Bill Long 9/1/06
I never knew how much making a simple phone call to a person I had met only once would trigger such diverse and pleasant memories for me. To be clear, the memories were not stimulated by the person whom I called, who actually was not home. Memories flooded back when I simply dialed or, more accurately, "punched in" his phone number.
Here is why. I met a man at a conference in Minneapolis last week who now lives in the relatively small town where I grew up (Darien, CT). After the conference, I wanted to get in touch with him. Rather than sending him a letter or fax (I didn't have his email address), I found his phone number and decided to call. The prefix was 655. But when I dialed the "655" I didn't "see" 655. I saw, in my mind's eye, "Oliver 5-." I "saw" Oliver 5 because that was one of Darien's phone prefixes with which I was familiar from my youth. But the prefixes of our youth sometimes tell stories, too.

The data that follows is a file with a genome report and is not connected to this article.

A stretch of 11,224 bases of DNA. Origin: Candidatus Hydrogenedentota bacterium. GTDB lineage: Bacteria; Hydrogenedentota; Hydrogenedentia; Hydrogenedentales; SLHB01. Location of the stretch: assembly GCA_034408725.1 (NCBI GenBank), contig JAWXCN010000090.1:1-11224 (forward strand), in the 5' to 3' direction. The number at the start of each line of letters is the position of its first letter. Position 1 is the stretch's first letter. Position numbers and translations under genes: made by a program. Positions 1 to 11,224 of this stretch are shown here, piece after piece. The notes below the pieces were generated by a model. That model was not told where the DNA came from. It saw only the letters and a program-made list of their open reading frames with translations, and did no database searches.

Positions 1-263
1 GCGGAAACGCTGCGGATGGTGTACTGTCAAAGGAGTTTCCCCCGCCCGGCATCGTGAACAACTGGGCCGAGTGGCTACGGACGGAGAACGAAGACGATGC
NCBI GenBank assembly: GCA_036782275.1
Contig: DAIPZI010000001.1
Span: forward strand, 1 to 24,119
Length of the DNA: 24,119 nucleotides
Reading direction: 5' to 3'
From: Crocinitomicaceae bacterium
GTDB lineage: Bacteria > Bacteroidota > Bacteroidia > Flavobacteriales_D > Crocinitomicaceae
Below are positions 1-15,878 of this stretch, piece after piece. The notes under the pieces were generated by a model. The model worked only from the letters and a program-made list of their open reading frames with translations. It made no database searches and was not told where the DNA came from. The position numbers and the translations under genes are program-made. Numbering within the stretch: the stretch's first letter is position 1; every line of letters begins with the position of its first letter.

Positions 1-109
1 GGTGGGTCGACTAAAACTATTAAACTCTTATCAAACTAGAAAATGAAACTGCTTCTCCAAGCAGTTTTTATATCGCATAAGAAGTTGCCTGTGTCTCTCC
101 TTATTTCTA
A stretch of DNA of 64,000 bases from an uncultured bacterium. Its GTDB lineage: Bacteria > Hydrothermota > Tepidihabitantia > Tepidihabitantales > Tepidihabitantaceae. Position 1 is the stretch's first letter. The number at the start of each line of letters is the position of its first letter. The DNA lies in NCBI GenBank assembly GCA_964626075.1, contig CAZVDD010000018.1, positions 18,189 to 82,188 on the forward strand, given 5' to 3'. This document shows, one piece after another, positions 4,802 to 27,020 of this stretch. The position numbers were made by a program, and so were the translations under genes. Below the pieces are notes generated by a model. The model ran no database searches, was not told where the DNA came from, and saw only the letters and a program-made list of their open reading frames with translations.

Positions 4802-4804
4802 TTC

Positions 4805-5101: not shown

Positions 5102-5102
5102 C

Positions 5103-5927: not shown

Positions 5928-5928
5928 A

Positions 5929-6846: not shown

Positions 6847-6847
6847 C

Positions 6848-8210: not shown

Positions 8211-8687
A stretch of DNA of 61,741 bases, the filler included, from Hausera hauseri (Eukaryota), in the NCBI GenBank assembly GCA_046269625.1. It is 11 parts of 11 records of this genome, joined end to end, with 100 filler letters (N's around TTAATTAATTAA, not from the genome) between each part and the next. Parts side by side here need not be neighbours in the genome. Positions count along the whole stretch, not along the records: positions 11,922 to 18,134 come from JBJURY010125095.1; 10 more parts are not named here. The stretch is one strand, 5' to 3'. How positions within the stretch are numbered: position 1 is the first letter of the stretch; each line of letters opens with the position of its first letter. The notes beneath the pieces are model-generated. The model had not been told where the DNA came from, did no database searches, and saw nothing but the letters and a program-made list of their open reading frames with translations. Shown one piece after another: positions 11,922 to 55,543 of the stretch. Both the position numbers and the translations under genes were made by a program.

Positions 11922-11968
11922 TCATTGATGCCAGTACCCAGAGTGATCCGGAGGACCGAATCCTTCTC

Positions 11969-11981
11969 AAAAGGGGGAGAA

Growing Up in "Fireside"
My pleasant little town was divided up, as I recall, into three phone prefixes in the 1950s and early 1960s. They were "Fireside," "Oliver," and "Davis." I assume that those names were probably derived from the names of phone company executives, their friends, or geographical features familiar to the executives. In this regard, it might not be too much different from the way that developers name subdivisions. Well, I lived in the "Fireside" part of Darien. Our phone number was Fireside 8-9117. That is how I remember reciting it in kindergarten, when our teacher made sure we all knew something about where we lived. Sometime in the early 1960s we got rid of names and replaced them with numbers. I think zip codes came in around the same time, so everyone had a lot of new numbers to learn around 1963. Thus, my new numbers would be 348-9117 for phone and 06820 for zip code. I, who was mathematically inclined from a young age, was delighted.